IPAC Wins Case Against Distributor

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Lubricant additive supplier IPAC said last week that it has won two arbitration decisions against a former distributor and a former employee for misappropriation of intellectual property.

The Dublin, California-based company won a $1.1 million judgement against Black Gold S.A.R.L. for misappropriating confidential IPAC information in order to develop and sell products that, in the words of an arbitrator, could be called knock-offs of IPACs. The former employee, Jeff Melendez, was ordered to pay $55,306 for his actions.

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In a Feb. 26 press release, IPAC said it still has a related arbitration case pending against Steven Plitt, another former IPAC employee. Along with Black Gold co-owner Lorenzo Napoleoni, Plitt co-founded PXL Chemicals, the company described as selling IPAC-like products.

Monaco-based Black Gold is contesting enforcement of the award against it in Monaco, and Napoleoni told Lube Report March 5 that his company still denies the allegations against it and that the arbitration ruling against it was unfairly reached. Plitt also denied retaining confidential IPAC information or using such information to make PXL products. Melendez could not be reached for comment.

IPAC manufactures and sells lubricant additive packages. According to court documents, it entered a sales representative agreement and an exclusive distributor agreement in 2016 for Black Gold to sell IPACs additives. In March of 2018, the companies agreed to terminate the sales agreement. Two months later, IPAC sued for arbitration, complaining that Black Gold had interfered with its contractual relations and misappropriated trade secrets by forming PXL with the help of a former IPAC employee.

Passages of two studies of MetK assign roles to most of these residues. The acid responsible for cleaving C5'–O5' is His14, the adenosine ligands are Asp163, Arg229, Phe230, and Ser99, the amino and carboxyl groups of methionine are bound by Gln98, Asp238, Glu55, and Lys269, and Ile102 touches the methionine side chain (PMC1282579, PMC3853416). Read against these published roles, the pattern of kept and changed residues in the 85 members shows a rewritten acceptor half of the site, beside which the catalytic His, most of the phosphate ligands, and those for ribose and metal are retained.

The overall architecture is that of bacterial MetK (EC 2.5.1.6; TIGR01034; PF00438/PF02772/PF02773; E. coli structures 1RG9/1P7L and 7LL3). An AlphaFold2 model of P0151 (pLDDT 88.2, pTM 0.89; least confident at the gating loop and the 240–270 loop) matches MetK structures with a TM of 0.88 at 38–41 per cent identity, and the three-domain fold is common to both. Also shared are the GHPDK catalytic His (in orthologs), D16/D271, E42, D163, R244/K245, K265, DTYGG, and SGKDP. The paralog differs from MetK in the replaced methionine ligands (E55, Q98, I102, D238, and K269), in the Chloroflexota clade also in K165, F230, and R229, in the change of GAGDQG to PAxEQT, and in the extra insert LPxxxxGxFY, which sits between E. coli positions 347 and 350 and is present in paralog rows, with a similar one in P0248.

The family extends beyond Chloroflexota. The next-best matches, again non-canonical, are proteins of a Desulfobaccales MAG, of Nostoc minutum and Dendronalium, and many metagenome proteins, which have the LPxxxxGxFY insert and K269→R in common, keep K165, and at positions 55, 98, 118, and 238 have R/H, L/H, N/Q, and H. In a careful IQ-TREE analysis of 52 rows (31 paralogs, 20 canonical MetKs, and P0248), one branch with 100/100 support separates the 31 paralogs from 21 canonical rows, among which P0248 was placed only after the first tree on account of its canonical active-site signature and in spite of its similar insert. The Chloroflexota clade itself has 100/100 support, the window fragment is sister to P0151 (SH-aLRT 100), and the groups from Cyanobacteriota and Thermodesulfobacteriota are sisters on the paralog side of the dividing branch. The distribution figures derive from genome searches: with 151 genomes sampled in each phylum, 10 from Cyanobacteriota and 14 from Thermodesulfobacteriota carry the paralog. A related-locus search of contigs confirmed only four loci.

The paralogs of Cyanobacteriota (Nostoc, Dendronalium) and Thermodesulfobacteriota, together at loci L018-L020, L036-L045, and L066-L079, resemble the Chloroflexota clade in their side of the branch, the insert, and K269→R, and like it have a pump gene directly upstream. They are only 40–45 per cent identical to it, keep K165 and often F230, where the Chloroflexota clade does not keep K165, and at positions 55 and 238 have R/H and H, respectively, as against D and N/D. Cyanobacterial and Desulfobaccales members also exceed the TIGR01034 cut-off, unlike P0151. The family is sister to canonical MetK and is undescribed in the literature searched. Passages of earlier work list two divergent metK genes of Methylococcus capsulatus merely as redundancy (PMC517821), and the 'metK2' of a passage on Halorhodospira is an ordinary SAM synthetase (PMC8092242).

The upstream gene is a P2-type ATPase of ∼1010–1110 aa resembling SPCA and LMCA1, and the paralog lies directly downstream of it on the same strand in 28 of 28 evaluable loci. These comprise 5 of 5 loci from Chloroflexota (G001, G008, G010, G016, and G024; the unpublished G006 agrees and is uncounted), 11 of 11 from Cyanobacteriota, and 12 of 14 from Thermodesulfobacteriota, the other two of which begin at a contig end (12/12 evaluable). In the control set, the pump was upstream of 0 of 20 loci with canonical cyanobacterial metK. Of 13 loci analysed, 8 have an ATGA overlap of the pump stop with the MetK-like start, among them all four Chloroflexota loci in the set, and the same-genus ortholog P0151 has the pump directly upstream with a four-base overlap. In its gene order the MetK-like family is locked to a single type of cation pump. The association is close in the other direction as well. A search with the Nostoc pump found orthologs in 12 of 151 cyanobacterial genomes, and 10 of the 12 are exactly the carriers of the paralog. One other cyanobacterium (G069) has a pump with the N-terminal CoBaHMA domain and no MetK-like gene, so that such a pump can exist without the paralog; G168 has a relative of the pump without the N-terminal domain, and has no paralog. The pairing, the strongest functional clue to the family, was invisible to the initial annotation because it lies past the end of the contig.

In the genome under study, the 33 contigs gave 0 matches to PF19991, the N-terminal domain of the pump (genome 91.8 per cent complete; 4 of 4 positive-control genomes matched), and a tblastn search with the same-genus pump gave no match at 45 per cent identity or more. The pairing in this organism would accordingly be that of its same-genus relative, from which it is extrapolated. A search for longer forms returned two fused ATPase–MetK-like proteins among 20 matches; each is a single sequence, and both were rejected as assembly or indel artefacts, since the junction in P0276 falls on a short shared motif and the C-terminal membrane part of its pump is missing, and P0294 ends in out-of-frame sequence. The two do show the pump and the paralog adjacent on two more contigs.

In May of 2019, after a three-day hearing, arbitrator Mark C. Dosker found in IPACs favor after concluding that, while the agreements between Black Gold and IPAC were still in effect, Napoleoni discussed with two IPAC employees, Steven Plitt and Jeffrey Crow, the possibility of forming a company that would compete with IPAC. According to a Nov. 9, 2019 ruling by U.S. General District Court Judge Yvonne Gonzalez Rogers in the federal district court for the Northern District of California, Crow raised concerns that it would be difficult to form such a business without misusing confidential IPAC information, but Plitt and Napoleoni proceeded to form PXL.

Rogers ruling does not indicate whether these actions occurred before or after termination of the sales agreement, although it does state that terms of the agreement were in place.

The ruling notes that Dosker accepted testimony from an expert witness called by IPAC that PXLs products were so strikingly similar to IPACs products that they [could] be called knock-off products. Dosker also found that Plitt and Napoleoni formed PXL while possessing hundreds of documents with confidential IPAC information, including a password-protected document that Plitt emailed to himself detailing the identity, vendor, price and relative composition for each component in each of IPACs products.

Brad C. Weber, an attorney for Plitt, provided a statement saying in part, Mr. Plitt denies any wrongful retention of any confidential IPAC information. Further, no confidential IPAC information was used for the production of any PXL products.

Dosker ruled that Black Gold caused confidential IPAC information to be misappropriated to formulate, manufacture, market and sell PXL products and that this caused a decrease in IPAC sales. He ordered Black Gold to pay IPAC $687,703 in damages plus $406,000 in fees and arbitration costs.

Black Gold took the case to the U.S. district court, asking that the decision be vacated on multiple grounds: that the email Plitt allegedly sent to himself was not authenticated; that sufficient evidence of IPACs attorneys fees was not presented; and that Doskers findings were based in part on evidence that he gathered outside of the arbitration hearing.

Black Gold believes that [Dosker] acted in manifest disregard of the rules governing its jurisdiction, the burden of proof, the adversarial principle and violated the rules governing the freedom of trade, Napoleoni said in a written statement to Lube Report.

Rogers denied Black Golds opinion and confirmed Doskers award for IPAC.

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